Jeremy Collins joined The National WWII Museum in 2001 as an intern with the Collections & Exhibits Department while pursuing his history degree at the University of Missouri and soon after became a full-time staff member. In Collections & Exhibits, he immersed himself in the artifacts and stories from the Museum’s collection and was involved with many of the Museum’s special exhibitions, co-curating When Baseball Went to War. In 2008, he moved to the Travel & Conference Department and became involved with the travel program’s design, development and content while scouting, leading or manage tours all over the world, including the Philippines, the Mediterranean, England, and Northwest Europe. Collins currently oversees the creation, planning, marketing and execution of many of the Museum’s marquee public programs, including book launches, distinguished lectures, symposia, and the annual International Conference on World War II. As a member of the Jenny Craig Institute for the Study of War and Democracy, Collins provides public programming of the highest caliber to the Museum’s audience, both physical and digital.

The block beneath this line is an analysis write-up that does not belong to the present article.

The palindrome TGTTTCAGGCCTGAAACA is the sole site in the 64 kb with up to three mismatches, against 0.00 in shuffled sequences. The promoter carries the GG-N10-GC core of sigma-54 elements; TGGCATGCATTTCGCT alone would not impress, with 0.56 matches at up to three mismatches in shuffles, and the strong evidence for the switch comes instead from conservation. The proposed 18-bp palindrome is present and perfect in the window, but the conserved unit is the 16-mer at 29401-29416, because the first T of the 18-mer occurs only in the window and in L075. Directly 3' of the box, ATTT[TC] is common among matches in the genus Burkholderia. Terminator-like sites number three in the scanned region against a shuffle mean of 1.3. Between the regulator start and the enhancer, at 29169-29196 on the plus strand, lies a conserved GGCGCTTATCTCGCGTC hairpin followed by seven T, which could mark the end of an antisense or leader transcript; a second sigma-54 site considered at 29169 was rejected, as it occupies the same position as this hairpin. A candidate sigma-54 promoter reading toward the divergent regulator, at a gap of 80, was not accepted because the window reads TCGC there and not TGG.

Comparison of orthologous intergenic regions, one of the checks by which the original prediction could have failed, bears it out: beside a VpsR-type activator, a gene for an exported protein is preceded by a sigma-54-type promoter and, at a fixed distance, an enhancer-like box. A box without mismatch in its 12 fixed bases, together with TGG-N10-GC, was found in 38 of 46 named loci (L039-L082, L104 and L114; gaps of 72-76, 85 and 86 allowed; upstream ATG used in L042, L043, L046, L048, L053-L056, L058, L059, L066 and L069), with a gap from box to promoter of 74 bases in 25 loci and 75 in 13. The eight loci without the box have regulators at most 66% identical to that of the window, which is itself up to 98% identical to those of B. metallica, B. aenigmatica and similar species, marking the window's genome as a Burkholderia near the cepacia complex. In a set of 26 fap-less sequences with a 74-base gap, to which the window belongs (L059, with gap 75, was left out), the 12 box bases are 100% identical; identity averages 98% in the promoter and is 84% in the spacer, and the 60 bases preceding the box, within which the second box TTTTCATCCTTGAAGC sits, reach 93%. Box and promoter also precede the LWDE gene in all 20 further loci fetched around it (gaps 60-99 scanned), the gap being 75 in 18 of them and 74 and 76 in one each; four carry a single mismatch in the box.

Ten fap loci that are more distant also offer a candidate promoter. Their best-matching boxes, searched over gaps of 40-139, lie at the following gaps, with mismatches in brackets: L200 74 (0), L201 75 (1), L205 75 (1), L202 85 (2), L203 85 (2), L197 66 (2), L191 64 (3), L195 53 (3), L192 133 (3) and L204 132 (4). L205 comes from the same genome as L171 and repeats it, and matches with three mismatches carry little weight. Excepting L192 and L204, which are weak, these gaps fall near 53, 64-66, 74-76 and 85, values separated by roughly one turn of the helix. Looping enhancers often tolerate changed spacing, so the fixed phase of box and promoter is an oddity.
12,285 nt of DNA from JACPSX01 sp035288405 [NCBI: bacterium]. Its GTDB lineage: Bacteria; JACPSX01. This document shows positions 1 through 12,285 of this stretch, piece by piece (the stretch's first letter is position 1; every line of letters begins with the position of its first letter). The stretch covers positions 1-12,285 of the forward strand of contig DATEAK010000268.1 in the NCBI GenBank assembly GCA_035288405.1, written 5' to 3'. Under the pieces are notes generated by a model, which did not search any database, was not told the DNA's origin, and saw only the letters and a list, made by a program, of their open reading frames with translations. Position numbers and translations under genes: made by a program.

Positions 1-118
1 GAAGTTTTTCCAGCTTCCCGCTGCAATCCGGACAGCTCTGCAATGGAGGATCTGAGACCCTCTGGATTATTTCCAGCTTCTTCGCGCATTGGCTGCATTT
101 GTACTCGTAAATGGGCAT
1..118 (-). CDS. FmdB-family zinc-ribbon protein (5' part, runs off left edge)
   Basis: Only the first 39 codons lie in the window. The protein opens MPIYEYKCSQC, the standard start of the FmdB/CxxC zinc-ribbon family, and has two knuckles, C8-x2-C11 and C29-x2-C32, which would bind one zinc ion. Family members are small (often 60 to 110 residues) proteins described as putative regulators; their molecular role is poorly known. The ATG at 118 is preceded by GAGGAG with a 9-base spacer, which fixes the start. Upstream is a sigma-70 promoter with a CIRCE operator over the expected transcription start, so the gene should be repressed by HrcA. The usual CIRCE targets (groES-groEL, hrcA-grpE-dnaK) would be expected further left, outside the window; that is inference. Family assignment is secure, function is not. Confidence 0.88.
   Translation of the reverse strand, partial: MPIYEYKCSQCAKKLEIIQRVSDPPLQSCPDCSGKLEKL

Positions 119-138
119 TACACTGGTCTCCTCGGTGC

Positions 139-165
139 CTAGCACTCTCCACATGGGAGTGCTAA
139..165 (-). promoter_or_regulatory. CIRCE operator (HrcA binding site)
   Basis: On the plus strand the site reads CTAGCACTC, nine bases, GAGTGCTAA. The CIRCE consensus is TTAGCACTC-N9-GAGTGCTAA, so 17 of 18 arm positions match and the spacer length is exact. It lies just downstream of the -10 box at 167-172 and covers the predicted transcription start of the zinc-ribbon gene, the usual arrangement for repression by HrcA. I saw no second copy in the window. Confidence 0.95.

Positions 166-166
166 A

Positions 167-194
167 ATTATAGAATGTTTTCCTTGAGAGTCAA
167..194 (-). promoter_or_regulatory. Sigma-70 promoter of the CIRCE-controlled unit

Jason Dawsey joined The National WWII Museum in September 2017 as a Defense POW/MIA Accounting Agency (DPAA) Special Projects Historian and investigated what happened to hundreds of American POWs in German captivity whose remains were never recovered. Since January 2019, he has worked in the Jenny Craig Institute for the Study of War and Democracy as a Research Historian. Dawsey received his PhD from the University of Chicago in 2013 and has taught world history and European history at Pearl River Community College, the University of Chicago, the University of Southern Mississippi, and the University of Tennessee-Knoxville. In the Institute, he examines the service records of WWII veterans and writes their biographies for family members, and regularly contributes to the Museum’s website and public programming on subjects such as the anti-Nazi resistance, the Holocaust, and the lives and careers of scholars who shaped our understanding of World War II. Beyond his research on World War II, Dawsey co-edited (with Günter Bischof and Bernhard Fetz) The Life and Work of Günther Anders: Émigré, Iconoclast, Philosopher, Man of Letters (Studien Verlag, 2015) and is the author of several articles and book chapters on the philosophical and political thought of Günther Anders.